Geneva 2017: Lexus LS 500h Offers More Technology, Fewer Yawns

Matthew Guy
by Matthew Guy
geneva 2017 lexus ls 500h offers more technology fewer yawns

Continuing on its relentless path of pitching boring design out the window, Lexus is storming ahead with its styling choices, applying them to its entire model range.

Today in Geneva, Lexus unveiled a hybrid version of its flagship sedan, the LS. The model follows the world premiere of the twin-turbocharged V6-powered LS 500 at this year’s North American International Auto Show in Detroit.

The LS 500h is equipped with the new Lexus Multi Stage Hybrid System, featuring a 3.5-liter V6 gasoline engine and two electric motors, together delivering maximum system power of 354 hp. A speedometer readout of 60 miles per hour is said to appear in a scant 5.4 seconds. This system is hooked to a trick new transmission, the explanation of which caused my mind to spin out of control, although I will attempt to describe it here.

Although the unit has four speeds, the “D” range has a simulated shift control pattern which delivers the feel of driving a 10-speed gearbox. As vehicle’s speed rises, engine speed should increase in a linear manner, free from the “rubber band” effect witnessed in some continuously variable transmissions. In the 10th gear range, the CVT control is said to allow for high-speed cruising at lower engine revs for quiet, smooth and fuel-efficient performance. It’s officially marketed as a “Multi Stage Hybrid Transmission” and it is sensible to advertise it as such (saying one’s uber-lux hybrid sedan has a four-speed automatic would be an extremely poor idea).

You’ll need spectacles to spot the hybrid’s styling changes: a handful of discreet badges and the typical blue halo around the Lexus badge are the only clues as to the hybrid mission of the LS 500h. The rest of its styling, including the controversial spindle grille, remain intact. The design is purported to marry the virtues of a long-wheelbase sedan with that of a coupe-like profile, though it simply ends up looking like a handsome boulevardier.

Inside, swank materials abound, including an ornamentation panel born of a design that was hewn and handcrafted by artisan craftworkers, because we all know adding the word “artisan” to any product automatically increases price and snob factor by a measure of five. There is an optional rear seat arrangement that includes a fancy leg ottoman and, reportedly, the most leg room of any LS generation. At 123 inches, the wheelbase of the new LS is 1.3-inches longer than the current long wheelbase LS 600h L, despite the new LS losing 100 digits from its trunklid badge.

Lexus launched its assault on the colonies way back in 1989 with the LS, utilizing nary a single existing Toyota part and going on to obliterate many of its competitors. With its reputation long since set as a luxury leader, there’s no reason to imagine Lexus won’t continue its success with this new iteration of the LS.

Available in either rear- or all-wheel drive, the 2018 Lexus LS 500h will undoubtedly be thriftier than its non-hybrid stablemate. Pricing is undisclosed, but this hybrid version should be on sale shortly after the standard LS arrives in Lexus showrooms this autumn.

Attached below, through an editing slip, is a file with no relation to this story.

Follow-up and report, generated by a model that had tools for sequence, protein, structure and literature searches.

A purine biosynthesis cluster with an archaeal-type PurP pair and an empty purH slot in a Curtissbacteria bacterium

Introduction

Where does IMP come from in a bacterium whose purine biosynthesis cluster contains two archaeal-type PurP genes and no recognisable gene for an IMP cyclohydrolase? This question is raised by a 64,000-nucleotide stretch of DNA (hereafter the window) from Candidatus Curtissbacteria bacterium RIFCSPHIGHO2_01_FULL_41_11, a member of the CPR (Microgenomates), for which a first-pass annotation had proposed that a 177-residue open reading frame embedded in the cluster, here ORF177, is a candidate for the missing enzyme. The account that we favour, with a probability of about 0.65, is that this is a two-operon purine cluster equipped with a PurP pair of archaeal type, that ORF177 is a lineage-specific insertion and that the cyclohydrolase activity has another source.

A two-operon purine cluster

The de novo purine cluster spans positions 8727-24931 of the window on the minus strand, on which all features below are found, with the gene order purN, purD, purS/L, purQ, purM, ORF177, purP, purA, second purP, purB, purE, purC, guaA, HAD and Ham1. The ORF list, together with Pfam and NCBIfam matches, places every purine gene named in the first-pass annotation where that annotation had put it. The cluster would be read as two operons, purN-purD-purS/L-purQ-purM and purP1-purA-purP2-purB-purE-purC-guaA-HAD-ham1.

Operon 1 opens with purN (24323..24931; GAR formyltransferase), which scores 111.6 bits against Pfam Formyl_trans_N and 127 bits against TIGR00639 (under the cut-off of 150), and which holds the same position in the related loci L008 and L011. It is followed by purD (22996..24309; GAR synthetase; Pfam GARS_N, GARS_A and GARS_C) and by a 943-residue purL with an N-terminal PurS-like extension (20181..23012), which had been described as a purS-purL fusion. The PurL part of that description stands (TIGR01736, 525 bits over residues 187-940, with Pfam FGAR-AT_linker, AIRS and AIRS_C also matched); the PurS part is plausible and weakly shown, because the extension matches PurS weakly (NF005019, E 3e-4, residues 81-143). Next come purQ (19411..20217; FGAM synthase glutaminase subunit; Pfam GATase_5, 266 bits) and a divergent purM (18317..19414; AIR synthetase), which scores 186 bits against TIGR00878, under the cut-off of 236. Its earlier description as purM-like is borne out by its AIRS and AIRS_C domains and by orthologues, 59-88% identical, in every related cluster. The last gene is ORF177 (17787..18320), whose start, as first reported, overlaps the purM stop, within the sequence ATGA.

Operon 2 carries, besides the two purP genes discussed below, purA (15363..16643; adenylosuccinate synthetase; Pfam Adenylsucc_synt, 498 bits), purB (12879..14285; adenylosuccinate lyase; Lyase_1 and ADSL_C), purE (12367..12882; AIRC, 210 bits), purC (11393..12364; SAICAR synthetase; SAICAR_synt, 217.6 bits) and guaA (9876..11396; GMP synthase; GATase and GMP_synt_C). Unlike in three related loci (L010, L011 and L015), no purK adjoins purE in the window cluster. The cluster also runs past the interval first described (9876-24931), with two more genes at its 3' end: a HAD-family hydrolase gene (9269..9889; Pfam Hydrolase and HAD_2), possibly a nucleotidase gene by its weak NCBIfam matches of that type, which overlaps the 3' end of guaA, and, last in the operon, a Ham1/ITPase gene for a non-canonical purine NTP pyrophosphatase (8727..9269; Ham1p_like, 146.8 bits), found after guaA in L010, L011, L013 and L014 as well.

[Images: Toyota Motor Corporation]

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  • AdamVIP AdamVIP on Mar 08, 2017

    The interior might work without that door card texture but it looks pinched and I think i prefer the older squared off design. I'm not entirely displeased with the front. I've grown to sort of like the Lexus crazy fronts. As long as it doesn't have the triangles in the side grilles that seem to pop up in some of the new LS shots I think it looks fine.

  • Sckid213 Sckid213 on Mar 08, 2017

    Those door cards are ghastly!! They look like scales. It seems like Toyota / Lexus are on a quest to make their vehicles look like organic creatures rather than machines. They are really going over the top. The Prius Prime reminds me of the snails from the Disney Main Street Electrical Parade. This LS reminds me of the Mostro the whale from Pinocchio.

  • Nrd515 I don't really see the point of annual inspections, especially when the car is under 3 years (warranty) old. Inspections should be safety related, ONLY, none of the nonsensical CA ARB rules that end up being something like, "Your air intake doesn't have an ARB sticker on it, so you have to remove it and buy one just like it that does have the ARB sticker on it!". If the car or whatever isn't puking smoke out of it, and it doesn't make your eyes water, like an old Chevy Bel-Air I was behind on Wed did, it's fine. I was stuck in traffic behind that old car, and wow, the gasoline smell was super potent. It was in nice shape, but man, it was choking me. I was amused by the 80 something old guy driving it, he even had a hat with a feather in it, THE sign of someone you don't want to be driving anywhere near you.
  • Lou_BC "15mpg EPA" The 2023 ZR2 Colorado is supposed to be 16 mpg
  • ToolGuy "The more aerodynamic, organic shape of the Mark VIII meant ride height was slightly lower than before at 53.6 inches, over 54.2” for the Mark VII."• I am not sure that ride height means what you think it means.Elaboration: There is some possible disagreement about what "ride height" refers to. Some say ground clearance, some say H point (without calling it that), some say something else. But none of those people would use a number of over 4 feet for a stock Mark anything.Then you go on to use it correctly ("A notable advancement in the Mark VIII’s suspension was programming to lower the ride height slightly at high speeds, which assisted fuel economy via improved aerodynamics.") so what do I know. Plus, I ended a sentence with a preposition. 🙂
  • ToolGuy The dealer knows best. 🙂
  • ToolGuy Cool.